The County of San Luis Obispo addressed an expected $26.2 million gap in next fiscal year’s recommended budget related to the Coronavirus Disease 2019 (COVID-19) pandemic.
The reductions include $6.5 million in departmental budget cuts, use of one-time reserves in the amount of $12.8 million, and $6.9 million in voluntary savings directly from employees.
“This pandemic has affected our County in so many ways, including unprecedented budget impacts,” said District 4 Supervisor and Board Chair Lynn Compton. “The County faces a staggering budget gap as county residents need our services the most. The Board will strive to do what is best for our community.”
The County Board of Supervisors held a public budget hearing for Fiscal Year 2020-21 (FY 2020- 21) Recommended Budget this week to consider staff’s recommendations for balancing the budget for the coming fiscal year, which begins on July 1. The recommended departmental budget cuts included a reduction of 4 percent to the level of General Fund support provided to non-public safety departments. In recognition of the County Board of Supervisors’ prioritization of public safety departments, County staff recommended a 1 percent reduction for public safety departments, as well as an additional $2.4 million in reductions to public safety, due to an expected loss of Proposition 172 revenue specific to those departments.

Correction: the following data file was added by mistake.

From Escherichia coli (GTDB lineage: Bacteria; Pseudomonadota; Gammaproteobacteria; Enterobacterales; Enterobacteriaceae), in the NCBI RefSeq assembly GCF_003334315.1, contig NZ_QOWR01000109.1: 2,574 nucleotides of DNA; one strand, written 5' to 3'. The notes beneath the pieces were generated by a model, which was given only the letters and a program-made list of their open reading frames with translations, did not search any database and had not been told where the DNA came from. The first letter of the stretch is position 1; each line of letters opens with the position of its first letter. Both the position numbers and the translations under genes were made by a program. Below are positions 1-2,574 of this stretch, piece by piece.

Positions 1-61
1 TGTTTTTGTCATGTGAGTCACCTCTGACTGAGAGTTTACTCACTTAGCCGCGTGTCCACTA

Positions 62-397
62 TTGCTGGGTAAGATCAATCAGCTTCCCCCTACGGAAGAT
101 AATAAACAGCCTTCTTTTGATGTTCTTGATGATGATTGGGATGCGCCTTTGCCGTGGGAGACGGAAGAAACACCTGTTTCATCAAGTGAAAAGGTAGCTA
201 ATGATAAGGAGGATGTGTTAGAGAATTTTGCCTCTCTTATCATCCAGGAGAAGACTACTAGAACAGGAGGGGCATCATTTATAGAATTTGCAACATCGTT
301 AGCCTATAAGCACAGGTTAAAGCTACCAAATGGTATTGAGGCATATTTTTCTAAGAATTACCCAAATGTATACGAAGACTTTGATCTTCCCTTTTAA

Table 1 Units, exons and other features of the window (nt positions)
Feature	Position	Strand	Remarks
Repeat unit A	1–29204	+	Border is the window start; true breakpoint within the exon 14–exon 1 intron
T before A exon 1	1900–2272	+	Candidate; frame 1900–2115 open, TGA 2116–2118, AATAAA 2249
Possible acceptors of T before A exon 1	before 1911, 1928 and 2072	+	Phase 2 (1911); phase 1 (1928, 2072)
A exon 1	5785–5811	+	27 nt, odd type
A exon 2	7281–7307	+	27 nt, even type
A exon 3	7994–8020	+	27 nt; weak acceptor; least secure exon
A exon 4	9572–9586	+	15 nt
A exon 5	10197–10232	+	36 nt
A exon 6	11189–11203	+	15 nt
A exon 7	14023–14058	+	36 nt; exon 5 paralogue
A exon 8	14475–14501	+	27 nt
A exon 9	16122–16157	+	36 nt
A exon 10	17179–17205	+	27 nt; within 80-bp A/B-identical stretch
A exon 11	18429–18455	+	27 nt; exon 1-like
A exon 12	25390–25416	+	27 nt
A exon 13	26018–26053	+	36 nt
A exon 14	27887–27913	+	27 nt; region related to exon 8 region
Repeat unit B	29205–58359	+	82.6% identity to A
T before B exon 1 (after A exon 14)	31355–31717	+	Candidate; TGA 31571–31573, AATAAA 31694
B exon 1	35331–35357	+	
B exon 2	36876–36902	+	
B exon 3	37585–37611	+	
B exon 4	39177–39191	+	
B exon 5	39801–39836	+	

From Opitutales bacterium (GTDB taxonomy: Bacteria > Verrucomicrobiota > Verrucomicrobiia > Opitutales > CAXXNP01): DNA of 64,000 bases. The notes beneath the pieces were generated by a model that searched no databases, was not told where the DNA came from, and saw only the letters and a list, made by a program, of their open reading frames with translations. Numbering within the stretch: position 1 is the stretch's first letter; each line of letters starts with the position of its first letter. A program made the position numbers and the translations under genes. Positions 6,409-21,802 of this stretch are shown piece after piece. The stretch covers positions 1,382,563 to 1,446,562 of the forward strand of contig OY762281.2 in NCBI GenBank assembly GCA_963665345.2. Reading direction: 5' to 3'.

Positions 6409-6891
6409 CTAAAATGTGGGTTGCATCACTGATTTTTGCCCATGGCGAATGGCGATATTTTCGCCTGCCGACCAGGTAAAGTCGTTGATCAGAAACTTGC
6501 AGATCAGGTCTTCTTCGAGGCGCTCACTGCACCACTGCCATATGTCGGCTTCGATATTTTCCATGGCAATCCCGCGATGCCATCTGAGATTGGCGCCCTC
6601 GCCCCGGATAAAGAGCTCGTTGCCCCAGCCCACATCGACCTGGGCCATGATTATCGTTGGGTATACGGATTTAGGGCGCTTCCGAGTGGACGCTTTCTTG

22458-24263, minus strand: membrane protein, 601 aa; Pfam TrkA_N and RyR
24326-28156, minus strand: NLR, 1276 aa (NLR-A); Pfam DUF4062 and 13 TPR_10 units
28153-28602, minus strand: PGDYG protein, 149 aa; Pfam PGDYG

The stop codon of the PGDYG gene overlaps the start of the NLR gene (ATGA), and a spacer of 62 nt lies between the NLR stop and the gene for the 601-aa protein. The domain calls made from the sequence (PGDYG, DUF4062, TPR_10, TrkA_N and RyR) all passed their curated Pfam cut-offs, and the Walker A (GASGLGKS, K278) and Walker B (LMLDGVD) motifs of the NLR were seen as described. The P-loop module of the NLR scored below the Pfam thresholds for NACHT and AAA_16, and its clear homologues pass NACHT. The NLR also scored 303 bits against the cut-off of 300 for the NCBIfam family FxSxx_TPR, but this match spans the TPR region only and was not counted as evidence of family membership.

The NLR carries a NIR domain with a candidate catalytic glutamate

The Board tentatively adopted most recommendations but used one-time dollars to backfill the loss of revenue to significantly reduce the budget cuts for public safety departments.
County staff had initially recommended a $577 million budget for the County’s General Fund. However, a drop in consumer spending related to the COVID-19 pandemic means a significant loss in funding sources for the County.
Simultaneously, the County is seeing an increase in overall expenses related to a higher demand for public services and COVID-19 response. As a result, County officials estimate a budget gap of $32 million to $56 million for FY 2020-21.
“The cuts we are facing are larger than any single year during the recession,” said Wade Horton, County Administrative Officer. “These next few years will be challenging, but we will work closely with Department Heads and the Board to weather the storm.”